A comparison of automated scoring engines and human raters on the assessment of English essay writing
Chan, Kin Yee (2012) A comparison of automated scoring engines and human raters on the assessment of English essay writing. PhD thesis, James Cook University.
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Essay scoring operates both in the classroom and in high-stakes testing and the results of essay scoring in high-stakes assessment impact on the students' academic development. Thus, teachers, students and parents are under considerable pressure in the educational system in Hong Kong.
This research investigates how effective a new Automated Essay Scoring (AES) system, the Lexile Analyzer, is in measuring essay writing ability as scored by trained, professional human raters. To do this, an estimation of rater, genre, student and rubric effects must be undertaken. Then, the estimates from the recently developed the Lexile Analyzer is modeled against those of Intelligent Essay Assessor (IEA), an AES widely used in high-stakes testing in the United States. Finally, a concurrent co-calibration of the scores of human raters, the Lexile Analyzer and IEA needs to be undertaken.
Automated Essay Scoring (AES) employs computer technology to evaluate and score written prose in the place of the usual human grading. It has become more widely accepted as an educational technology for both assessment and classroom instruction, but little research has been done on validating the performance of the AES models in an applied educational context, and only some foundational work has been performed in their calibration against human ratings (Chung & Baker, 2003). This research attempts to apply the Rasch model to co-calibrate the scales of AES systems and human raters for grading essay writing and to implement the Many-facets Rasch Measurement (MFRM) to examine the fairness and consistency of raters and adjust students' final essay scores for the measured differences in prompt difficulty and rater severity in the essay writing. Rasch measurement models can provide a framework for obtaining objective and fair measurements of writing ability which are statistically invariant over raters, writing tasks and other aspects of the writing assessment process.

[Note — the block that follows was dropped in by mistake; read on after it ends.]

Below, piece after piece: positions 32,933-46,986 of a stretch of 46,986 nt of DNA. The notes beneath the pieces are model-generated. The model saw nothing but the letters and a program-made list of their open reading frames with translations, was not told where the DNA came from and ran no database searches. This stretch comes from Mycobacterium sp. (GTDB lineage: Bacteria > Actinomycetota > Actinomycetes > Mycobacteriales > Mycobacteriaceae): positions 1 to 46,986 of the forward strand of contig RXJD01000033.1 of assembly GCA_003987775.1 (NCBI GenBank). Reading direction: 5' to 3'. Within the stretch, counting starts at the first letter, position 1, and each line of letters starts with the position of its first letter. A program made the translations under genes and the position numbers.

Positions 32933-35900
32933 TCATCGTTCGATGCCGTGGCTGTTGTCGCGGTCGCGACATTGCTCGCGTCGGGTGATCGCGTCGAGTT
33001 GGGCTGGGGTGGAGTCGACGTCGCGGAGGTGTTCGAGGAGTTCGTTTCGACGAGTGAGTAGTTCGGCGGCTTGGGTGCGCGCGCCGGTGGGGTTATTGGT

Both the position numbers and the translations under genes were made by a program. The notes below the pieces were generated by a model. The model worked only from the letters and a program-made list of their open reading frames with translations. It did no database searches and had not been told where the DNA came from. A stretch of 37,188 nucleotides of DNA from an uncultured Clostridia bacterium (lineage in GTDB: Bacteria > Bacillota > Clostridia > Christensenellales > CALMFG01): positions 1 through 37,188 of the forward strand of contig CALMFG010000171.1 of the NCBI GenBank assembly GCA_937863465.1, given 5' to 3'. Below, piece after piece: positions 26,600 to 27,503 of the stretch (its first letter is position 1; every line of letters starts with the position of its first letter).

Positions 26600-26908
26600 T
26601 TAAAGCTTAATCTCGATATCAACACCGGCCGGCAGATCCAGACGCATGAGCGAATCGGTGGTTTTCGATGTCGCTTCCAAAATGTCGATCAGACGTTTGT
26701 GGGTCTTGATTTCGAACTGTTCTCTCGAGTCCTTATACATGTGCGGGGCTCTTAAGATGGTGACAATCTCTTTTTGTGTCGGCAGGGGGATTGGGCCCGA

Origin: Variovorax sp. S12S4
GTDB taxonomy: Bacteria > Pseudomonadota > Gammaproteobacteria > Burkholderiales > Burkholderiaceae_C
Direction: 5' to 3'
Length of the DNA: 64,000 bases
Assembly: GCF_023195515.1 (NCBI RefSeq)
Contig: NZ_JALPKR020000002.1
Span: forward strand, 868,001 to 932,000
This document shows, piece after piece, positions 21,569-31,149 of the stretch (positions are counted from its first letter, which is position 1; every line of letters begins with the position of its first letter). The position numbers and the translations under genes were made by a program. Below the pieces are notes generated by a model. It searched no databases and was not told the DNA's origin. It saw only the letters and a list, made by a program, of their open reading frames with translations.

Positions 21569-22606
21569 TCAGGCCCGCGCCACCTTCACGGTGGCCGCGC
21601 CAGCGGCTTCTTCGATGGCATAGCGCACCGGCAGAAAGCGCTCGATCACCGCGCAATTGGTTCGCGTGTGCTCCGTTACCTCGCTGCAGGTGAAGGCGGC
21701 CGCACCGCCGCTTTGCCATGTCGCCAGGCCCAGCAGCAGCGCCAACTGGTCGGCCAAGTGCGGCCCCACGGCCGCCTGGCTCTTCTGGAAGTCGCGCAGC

In this research, there are two sets of essay writing data; one from the United States and a second from Hong Kong. All the students were administered the writing prompts from the United States National Assessment of Educational Progress (NAEP) and essays were human raters scored by using the NAEP holistic essay marking rubrics covering the narrative, informative and persuasive genres. For the data set of students in the United States, 3453 essays were collected from 589 Grades 4 to 12 students in one school district in north-central Mississippi of the United States. All the students were administered four to six writing prompts. Every essay was rated by four of the nineteen independent paid trained raters from an established US testing company. Moreover, a sub-sample of essay writing of the students in the United States - selected to be the best matched to the levels of essay writing of the samples of Hong Kong students - were scored by two of the four experienced Hong Kong teachers of English from one local primary school. For the set of Hong Kong student essays, 408 essays were written by 137 Grade 6 Hong Kong students who were from the same local primary school as the Hong Kong raters. The students were administered two to three writing prompts, each essay was scored against the same rubric by two of the four Hong Kong English teachers. The US essays were scored using the Lexile Analyzer and IEAscoring engines; the HK essays by the Lexile Analyzer alone.